By August Strindberg; Translated by Wendy Weckwerth; Directed by Wendy Gail Aronson
Produced by the August Strindberg Repertory Theatre
Off Off Broadway, Classic Play
Runs through 3.29.15
Gene Frankel Theatre, 24 Bond Street
by Regina Robbins on 3.23.15
Ivette Dumeng and Sergio Castillo in Kristina. Photo by Rosalie Baijer.
BOTTOM LINE: A history play by a master of modern drama, Kristina touches on many of the playwright's familiar themes.
Swedish writer August Strindberg is best known in the English-speaking world for plays about frustrated women (Miss Julie), dysfunctional relationships (The Dance of Death), and mind games (The Stronger). His 1901 play Kristina incorporates all of those elements. As presented by the August Strindberg Repertory Theatre, it is a sometimes confusing, sometimes fascinating drama.
Based (not entirely faithfully) on the life of a notorious 17th-century Swedish queen, Kristina is an examination of politics and gender roles. The title character is a woman of strong appetites with lovers of both sexes and, apparently, little aptitude for governance. Her advisers are ambivalent about her: one moment they are plotting to get her off the throne, while the next they find themselves overwhelmed by her charm. Men who have been rejected by her are the most keen to undermine her; those who are currently in her favor are eager to reap as many benefits as they can. Ironically, it is when Kristina is at her lowest moment that she shows her most thoughtful, regal aspect.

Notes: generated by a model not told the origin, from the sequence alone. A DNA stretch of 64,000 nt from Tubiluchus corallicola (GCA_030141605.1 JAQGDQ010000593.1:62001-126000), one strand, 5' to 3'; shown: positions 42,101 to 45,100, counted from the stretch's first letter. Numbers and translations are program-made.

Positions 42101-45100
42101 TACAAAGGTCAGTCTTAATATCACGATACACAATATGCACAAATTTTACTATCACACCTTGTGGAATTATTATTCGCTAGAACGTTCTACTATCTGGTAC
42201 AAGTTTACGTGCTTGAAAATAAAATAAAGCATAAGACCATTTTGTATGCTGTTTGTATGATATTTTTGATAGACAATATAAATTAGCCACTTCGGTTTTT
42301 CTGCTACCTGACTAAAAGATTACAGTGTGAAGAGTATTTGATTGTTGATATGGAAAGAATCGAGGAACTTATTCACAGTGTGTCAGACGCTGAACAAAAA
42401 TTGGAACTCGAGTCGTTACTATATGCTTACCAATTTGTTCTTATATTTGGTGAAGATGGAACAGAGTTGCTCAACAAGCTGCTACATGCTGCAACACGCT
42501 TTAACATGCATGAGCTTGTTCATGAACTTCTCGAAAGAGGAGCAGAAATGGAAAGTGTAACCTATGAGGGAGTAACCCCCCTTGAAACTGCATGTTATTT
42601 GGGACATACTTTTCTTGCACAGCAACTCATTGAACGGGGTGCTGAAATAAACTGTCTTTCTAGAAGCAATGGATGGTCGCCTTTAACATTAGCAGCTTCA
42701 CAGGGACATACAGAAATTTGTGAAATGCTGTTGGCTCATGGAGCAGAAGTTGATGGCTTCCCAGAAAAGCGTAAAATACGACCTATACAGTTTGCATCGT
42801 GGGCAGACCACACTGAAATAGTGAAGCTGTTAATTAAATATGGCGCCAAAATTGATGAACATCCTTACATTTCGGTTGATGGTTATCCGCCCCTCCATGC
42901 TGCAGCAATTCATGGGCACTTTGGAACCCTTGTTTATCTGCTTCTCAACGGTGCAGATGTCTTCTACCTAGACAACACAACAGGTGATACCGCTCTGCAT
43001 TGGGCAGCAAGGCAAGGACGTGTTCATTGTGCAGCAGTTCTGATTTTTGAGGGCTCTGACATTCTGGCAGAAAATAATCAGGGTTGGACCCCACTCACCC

The action takes place in the 1600s but in this production, directed by Whitney Aronson, costumes and sets evoke the 1920s, and both look great. (The staging is also far more explicit in its depiction of sex than Strindberg could have been in 1901.) The modest space of the aging Gene Frankel Theatre is credibly transformed into various locations within the palace at Stockholm. As the free-spirited queen, Ivette Dumeng captures both the arrogance and the vulnerability of a woman who has a towering responsibility that she might not really want. Other standouts in the cast include Brent Shultz as Kristina’s passionate new lover and Amy Fulgham as her loving mother.
The play, presented in a new translation by Wendy Weckwerth, has some problems. Without a general familiarity with 17th-century European history and a more specific knowledge of the real Kristina’s life, some of the dialogue and plot points would be hard to follow. The production’s emphasis on Kristina’s sexual voraciousness risks getting in the way of the dramatic action. However, the political and personal power plays come thick and fast until the very end, punctuated with the occasional fencing match and quite a few costume changes. Kristina is unlikely to replace Miss Julie on American stages, but it’s a reminder of why Strindberg’s dramas of mind games and sexual frustration are part of the canon.
(Kristina plays at the Gene Frankel Theatre, 24 Bond Street, through March 29, 2015. Performances are Wednesdays through Fridays at 8PM; Saturdays at 2PM and 8PM; and Sundays at 2PM. Tickets are $12-$18 and are available at smarttix.com or by calling 212-868-4444.)